of a very peculiar kind. It is not self-indulgent freedom, but freedom that enhances the neighborhood. The sum of the new freedom is “love of neighbor” …

There is a high cost to perfect freedom. To what plow have you put your hand, and where are you looking?

Saturday, June 19, 2010

Proper 7C

A reflection on Luke 8:26-39 by The Rev Karla J. Miller

26Then they arrived at the country of the Gerasenes, which is opposite Galilee. 27As he stepped out on land, a man of the city who had demons met him. For a long time he had worn no clothes, and he did not live in a house but in the tombs. 28When he saw Jesus, he fell down before him and shouted at the top of his voice, “What have you to do with me, Jesus, Son of the Most High God? I beg you, do not torment me”— 29for Jesus had commanded the unclean spirit to come out of the man. (For many times it had seized him; he was kept under guard and bound with chains and shackles, but he would break the bonds and be driven by the demon into the wilds.) 30Jesus then asked him, “What is your name?” He said, “Legion”; for many demons had entered him. 31They begged him not to order them to go back into the abyss. 32Now there on the hillside a large herd of swine was feeding; and the demons begged Jesus to let them enter these. So he gave them permission. 33Then the demons came out of the man and entered the swine, and the herd rushed down the steep bank into the lake and was drowned. 34When the swineherds saw what had happened, they ran off and told it in the city and in the country. 35Then people came out to see what had happened, and when they came to Jesus, they found the man from whom the demons had gone sitting at the feet of Jesus, clothed and in his right mind. And they were afraid. 36Those who had seen it told them how the one who had been possessed by demons had been healed. 37Then all the people of the surrounding country of the Gerasenes asked Jesus to leave them; for they were seized with great fear. So he got into the boat and returned. 38The man from whom the demons had gone begged that he might be with him; but Jesus sent him away, saying, 39“Return to your home, and declare how much God has done for you.” So he went away, proclaiming throughout the city how much Jesus had done for him.

My Name Is

I want to talk about your name.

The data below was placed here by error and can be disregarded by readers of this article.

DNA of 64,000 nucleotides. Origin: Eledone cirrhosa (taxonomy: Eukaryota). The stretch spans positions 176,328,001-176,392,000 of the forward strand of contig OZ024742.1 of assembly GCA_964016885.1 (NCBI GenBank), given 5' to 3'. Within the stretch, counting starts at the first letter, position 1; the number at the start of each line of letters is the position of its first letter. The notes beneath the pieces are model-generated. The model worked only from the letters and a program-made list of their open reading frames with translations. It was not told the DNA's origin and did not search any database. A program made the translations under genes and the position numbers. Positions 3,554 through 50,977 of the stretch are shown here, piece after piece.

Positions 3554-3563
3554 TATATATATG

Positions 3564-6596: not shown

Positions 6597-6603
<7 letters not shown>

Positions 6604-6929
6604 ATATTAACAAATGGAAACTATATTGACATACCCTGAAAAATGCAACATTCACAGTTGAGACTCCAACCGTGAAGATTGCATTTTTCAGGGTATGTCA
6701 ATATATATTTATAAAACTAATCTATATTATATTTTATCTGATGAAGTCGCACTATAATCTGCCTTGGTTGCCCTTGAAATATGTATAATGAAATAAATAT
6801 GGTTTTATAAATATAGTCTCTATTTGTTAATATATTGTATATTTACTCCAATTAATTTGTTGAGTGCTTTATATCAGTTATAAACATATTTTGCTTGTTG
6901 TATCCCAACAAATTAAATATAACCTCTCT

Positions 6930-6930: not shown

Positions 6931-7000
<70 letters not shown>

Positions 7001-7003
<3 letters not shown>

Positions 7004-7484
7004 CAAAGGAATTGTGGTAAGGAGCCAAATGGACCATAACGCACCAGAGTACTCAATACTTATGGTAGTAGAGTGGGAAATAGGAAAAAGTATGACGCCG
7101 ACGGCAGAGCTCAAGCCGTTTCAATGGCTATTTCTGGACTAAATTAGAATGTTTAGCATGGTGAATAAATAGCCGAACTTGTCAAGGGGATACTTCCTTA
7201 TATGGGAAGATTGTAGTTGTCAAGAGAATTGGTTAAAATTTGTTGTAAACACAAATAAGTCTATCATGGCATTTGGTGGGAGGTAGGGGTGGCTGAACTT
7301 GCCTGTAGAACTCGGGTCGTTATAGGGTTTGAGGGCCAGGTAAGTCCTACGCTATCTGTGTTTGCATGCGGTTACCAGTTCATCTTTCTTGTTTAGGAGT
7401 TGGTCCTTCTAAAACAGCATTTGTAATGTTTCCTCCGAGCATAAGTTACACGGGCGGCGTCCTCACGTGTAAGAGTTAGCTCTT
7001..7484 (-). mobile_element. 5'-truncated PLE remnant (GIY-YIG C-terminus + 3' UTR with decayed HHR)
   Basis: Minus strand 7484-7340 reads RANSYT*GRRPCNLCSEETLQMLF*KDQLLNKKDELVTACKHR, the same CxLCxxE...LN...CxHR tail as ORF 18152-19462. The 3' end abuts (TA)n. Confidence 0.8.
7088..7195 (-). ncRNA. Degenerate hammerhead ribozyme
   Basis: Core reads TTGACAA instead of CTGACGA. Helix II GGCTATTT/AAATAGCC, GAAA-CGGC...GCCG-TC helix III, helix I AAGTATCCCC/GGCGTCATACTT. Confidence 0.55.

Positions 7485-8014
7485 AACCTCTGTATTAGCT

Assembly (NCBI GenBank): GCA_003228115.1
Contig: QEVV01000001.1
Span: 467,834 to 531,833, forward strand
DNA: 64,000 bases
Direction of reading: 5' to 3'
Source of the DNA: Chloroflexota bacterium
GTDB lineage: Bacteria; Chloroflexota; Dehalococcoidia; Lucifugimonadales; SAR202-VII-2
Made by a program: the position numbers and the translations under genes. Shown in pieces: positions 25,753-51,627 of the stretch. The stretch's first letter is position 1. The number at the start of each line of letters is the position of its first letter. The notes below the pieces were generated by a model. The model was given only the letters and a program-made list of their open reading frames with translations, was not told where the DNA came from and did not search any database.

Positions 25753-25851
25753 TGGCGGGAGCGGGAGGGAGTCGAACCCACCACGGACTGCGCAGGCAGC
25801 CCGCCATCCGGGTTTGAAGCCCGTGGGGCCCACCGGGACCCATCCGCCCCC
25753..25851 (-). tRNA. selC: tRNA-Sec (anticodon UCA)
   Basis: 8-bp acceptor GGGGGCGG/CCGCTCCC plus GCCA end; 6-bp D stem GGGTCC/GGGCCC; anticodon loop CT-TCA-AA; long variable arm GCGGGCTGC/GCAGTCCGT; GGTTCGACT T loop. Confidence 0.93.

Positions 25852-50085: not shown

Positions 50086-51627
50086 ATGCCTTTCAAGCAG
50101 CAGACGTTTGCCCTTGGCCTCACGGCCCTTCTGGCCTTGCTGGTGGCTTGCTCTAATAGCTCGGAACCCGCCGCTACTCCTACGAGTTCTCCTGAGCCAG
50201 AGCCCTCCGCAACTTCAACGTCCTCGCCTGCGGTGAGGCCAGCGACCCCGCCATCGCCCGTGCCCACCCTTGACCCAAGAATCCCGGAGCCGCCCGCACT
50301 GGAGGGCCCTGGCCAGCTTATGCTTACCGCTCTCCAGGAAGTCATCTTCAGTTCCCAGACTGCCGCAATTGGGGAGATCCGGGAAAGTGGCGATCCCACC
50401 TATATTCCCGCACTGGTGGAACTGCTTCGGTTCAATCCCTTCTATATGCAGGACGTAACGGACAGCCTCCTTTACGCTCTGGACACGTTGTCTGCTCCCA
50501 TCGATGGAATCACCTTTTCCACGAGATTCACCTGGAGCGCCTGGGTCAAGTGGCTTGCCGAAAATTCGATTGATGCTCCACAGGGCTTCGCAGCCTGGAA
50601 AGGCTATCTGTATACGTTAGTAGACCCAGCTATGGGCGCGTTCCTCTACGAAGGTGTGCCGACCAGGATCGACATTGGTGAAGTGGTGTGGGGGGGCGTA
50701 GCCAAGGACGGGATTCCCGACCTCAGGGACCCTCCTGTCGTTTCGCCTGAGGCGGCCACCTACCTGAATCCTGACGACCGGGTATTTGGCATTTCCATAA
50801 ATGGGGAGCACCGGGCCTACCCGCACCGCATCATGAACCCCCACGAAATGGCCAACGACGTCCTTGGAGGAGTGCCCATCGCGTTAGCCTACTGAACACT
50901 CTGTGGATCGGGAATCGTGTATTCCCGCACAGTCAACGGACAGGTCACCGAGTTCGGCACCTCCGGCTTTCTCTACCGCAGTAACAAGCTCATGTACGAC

And what is in a name.

Your name.

Do you like it?

How many of you were named for a relative, or have a “family name?”

Do you know why you were named by your name?

If you have children, how did you go about choosing their names? Did you wait til they were born? Did you pick out boy/girl names before? Did your in utero baby have a special name until coming into the world?

Tell me (let congregation respond)…

I have asked my mom why my name was what it was…and frankly, she just liked it, and it went well with Kari, my twin sister’s name. Kari and Karla. They were popular girls’ names in Williston, N. Dakota at the time. In my graduating class of 100, there were at least 5 Karlas and several Kari’s.

The thing is, has any one ever called you by the wrong name? The bummer about being a twin is that quite often, people can’t keep your names straight, even if one twin is bald and tiny, and the other chunky with a shock of red hair. Are you Kari or Karla? One of my aunties just resorted to calling us each Twin, so she wouldn’t have to stop and think. It was sort of nickname.

Do you have a nickname?

My mom’s brothers called her “Dot” and “Dottie” instead of Dorothy. She hated that growing up…but now, even in their senior years, they still do it. Just to bug her. I guess that’s what happens when you have brothers.

Do you know if other people have your names??

If you have a computer, you can google your name.

I did!

You will be happy to know that a. something about Eliot Church comes up right away—on Boston. Com…..then next the Eliot website, and then, something about Amanda Kaipo (our soprano section leader.)

But did you know that other PEOPLE have your very given name???

I learned that there are Karla Jean Miller’s from Alabama to Texas to California to Brooklyn…

And we have all kinds of professions…

From nursing to campground owners to recycling specialists in California to lectueres at Oxford in England.

When I lived in Raleigh, there was an attorney named Karla Miller. When I introduced myself to my neighbors, they would ask, oh, are you the attorney. “Mmmm, not so much” I would reply….

Most of us would agree that our names are important.

Our names embody our identity, if you will. Sometimes, there are those who don’t think their names fit, so they go through a very extensive process to change their names in order to truly be who they are.

This is very common in the transgendered community. The first transgendered ordained person changed his name from Miriam to Malcolm. In fact, the documentary about his life and spiritual journey is entitled, “Call me Malcolm.”